ALLIANCE MEMBER

    Also ground the radiator. With a ground wire to chassis. Electric on aluminum can cause the radiator to get all black inside.
    Can make for stoppage and leaks.
     
    charleyw, loudbang and Doublepumper like this.
  13. CME1
    Joined: Aug 10, 2010
    Posts: 234

    CME1
    Member

    There's a lot of good info in these answers. I have not used many electric fans. But when I did , I used the plastic straps. Never too old to learn something new! Thank you!:)
     
  14. gene-koning
    Joined: Oct 28, 2016
    Posts: 2,885

    gene-koning
    Member

    Well Darned! I just discovered I can't build anything, again.
    I'm going to have to go see if there is enough space to move the fan off the radiator and add brackets to the radiator support, cause you guys say what I did won't work.... I'm sure there is an extra 1/2" of space there now that wasn't there before.
     
  15. theHIGHLANDER
    Joined: Jun 3, 2005
    Posts: 8,630

    theHIGHLANDER
    Member

    There was a thread a few years back with some really creative ideas for eliminating or reducing the "new" look of electric fans. Worth a search.
     
    Ned Ludd and loudbang like this.
  16. harpo1313
    Joined: Jan 4, 2008
    Posts: 2,415

    harpo1313
    Member
    from wareham,ma

    If boneyard, look at the outback setup, very narrow and not to ugly.
     
  17. theHIGHLANDER
    Joined: Jun 3, 2005
    Posts: 8,630

    theHIGHLANDER
    Member

  18. PotvinV8
    Joined: Mar 30, 2009
    Posts: 219

    PotvinV8
    Member

    There are a lot of companies that offer fan/shroud combos with different dimensions. Frostbite, Be Cool, Derale, etc.
     
  19. Mr48chev
    Joined: Dec 28, 2007
    Posts: 31,009

    Mr48chev
    ALLIANCE MEMBER

    On the shroud thing, Electric or mechanical without a shroud the only area on the radiator that the fan pulls air though is going to be the diameter of the fan directly in front of the fan. I'd say that there are far more of us who are guilty of having a rig that tends to overheat when going slow but does fine over 35 mph who don't have a shroud to help pull air though the whole core than not.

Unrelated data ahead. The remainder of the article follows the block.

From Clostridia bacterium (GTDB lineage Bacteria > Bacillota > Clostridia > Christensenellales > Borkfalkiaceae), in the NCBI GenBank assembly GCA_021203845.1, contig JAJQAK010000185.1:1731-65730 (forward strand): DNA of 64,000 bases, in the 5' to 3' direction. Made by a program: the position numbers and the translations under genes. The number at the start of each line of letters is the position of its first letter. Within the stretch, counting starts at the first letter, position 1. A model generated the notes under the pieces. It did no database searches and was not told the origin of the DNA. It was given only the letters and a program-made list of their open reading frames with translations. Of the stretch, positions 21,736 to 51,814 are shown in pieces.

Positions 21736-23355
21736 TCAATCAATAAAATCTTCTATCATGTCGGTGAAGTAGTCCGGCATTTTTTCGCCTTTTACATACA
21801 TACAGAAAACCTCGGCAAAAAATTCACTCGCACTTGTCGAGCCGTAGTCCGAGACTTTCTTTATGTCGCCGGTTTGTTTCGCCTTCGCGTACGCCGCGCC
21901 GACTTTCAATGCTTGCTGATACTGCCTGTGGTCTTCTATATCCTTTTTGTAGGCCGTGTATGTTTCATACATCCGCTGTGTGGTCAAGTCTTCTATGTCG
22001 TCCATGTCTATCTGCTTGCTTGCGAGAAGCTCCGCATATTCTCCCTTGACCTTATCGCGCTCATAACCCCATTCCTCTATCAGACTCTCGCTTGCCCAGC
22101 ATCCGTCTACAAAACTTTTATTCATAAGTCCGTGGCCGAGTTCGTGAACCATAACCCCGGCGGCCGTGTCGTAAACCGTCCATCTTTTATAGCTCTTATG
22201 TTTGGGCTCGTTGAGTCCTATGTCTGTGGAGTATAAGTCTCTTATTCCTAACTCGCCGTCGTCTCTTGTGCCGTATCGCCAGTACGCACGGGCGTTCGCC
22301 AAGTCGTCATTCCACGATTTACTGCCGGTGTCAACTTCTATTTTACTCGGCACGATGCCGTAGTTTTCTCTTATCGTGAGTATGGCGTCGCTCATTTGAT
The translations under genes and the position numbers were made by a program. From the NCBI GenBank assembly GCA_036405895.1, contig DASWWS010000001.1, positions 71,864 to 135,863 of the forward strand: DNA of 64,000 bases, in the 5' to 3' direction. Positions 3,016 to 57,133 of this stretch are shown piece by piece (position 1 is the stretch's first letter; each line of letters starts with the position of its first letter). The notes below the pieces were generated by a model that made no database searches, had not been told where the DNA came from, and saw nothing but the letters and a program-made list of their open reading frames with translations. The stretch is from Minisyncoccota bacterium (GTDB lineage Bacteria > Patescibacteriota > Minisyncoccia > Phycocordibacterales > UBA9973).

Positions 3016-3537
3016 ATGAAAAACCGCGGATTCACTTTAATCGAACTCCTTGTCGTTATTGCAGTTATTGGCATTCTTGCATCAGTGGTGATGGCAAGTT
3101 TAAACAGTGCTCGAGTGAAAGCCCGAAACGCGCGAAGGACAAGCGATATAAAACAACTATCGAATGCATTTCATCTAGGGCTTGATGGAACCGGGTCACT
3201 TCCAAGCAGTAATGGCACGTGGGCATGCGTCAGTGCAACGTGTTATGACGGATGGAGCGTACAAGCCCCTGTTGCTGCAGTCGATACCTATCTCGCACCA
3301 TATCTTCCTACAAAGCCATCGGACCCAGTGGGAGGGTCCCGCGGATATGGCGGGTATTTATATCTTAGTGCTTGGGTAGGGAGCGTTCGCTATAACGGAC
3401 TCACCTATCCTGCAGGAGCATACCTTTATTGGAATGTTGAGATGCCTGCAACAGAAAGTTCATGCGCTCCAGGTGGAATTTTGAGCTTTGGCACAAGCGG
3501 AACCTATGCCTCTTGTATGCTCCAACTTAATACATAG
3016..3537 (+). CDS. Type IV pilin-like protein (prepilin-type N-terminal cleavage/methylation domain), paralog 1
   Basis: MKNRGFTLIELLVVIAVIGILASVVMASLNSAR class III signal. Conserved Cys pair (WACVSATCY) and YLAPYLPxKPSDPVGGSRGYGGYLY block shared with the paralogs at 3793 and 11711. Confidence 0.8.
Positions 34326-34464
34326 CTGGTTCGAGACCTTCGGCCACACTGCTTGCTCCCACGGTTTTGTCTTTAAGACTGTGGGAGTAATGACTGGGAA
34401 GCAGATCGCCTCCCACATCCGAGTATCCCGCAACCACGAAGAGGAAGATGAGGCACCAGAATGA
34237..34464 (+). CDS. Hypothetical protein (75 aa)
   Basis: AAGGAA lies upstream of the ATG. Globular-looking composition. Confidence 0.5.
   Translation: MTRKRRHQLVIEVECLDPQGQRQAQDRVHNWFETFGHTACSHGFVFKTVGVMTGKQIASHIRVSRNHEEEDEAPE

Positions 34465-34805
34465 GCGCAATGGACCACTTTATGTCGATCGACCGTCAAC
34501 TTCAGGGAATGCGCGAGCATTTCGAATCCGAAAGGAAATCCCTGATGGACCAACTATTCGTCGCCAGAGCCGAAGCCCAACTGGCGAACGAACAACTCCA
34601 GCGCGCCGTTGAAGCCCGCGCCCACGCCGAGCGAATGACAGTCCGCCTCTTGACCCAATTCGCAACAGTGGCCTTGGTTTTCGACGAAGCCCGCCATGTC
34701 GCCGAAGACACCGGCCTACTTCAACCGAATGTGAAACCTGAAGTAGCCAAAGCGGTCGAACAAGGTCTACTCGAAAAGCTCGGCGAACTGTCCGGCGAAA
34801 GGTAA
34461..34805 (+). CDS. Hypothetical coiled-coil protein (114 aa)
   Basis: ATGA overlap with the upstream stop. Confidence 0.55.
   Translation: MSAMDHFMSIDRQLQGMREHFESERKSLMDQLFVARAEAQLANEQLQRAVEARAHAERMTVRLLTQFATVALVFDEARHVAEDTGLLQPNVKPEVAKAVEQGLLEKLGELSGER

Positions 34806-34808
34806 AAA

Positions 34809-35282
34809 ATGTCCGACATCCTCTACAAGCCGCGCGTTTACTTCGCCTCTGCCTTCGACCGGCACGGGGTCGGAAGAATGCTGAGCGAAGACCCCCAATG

'28phonebooth likes this.
  20. gene-koning
    Joined: Oct 28, 2016
    Posts: 2,885

    gene-koning
    Member

    The electric fan I have is a 15" diameter, and the radiator is a cross flow with a 16" total height. It also covers 3/4 of the radiator's width. I think it will be OK.
    You also want to be sure the fan blade is directing the air in the proper position for its placement on the radiator. A fan blade direction for a fan mounted in front of the radiator (pushes the air) is opposite of the fan blade direction for a fan mounted behind the radiator (pulls the air).
     
  21. tubman
    Joined: May 16, 2007
    Posts: 6,110

    tubman
    ALLIANCE MEMBER

    I suppose it's pointless to mention this, but neither aluminum radiators nor electric fans are "traditional".
     

  22. But unfortunately, overheating and vapor lock are traditional. Old cars are more fun ON the street than parked while they cool down.
     
    Nitroholic likes this.
  23. 2OLD2FAST
    Joined: Feb 3, 2010
    Posts: 4,059

    2OLD2FAST
    Member
    from illinois

    Not to mention both availability & affordability .
     
  24. Joe H
    Joined: Feb 10, 2008
    Posts: 1,179

    Joe H
    Member

    More then half the cars on this board would be parked if you had to use TRADITIONAL PARTS ONLY.

    I know of '65 GTO with a aluminum radiator and dual fan assembly that runs hotter now then it did with the original plugged up radiator did. The "shroud " has twin 8" fans, 1/2" from the core with solid aluminum sheet blocking all but the two 8" diameter cuts outs. Leave room for air to get out and around the core!
     
    2OLD2FAST likes this.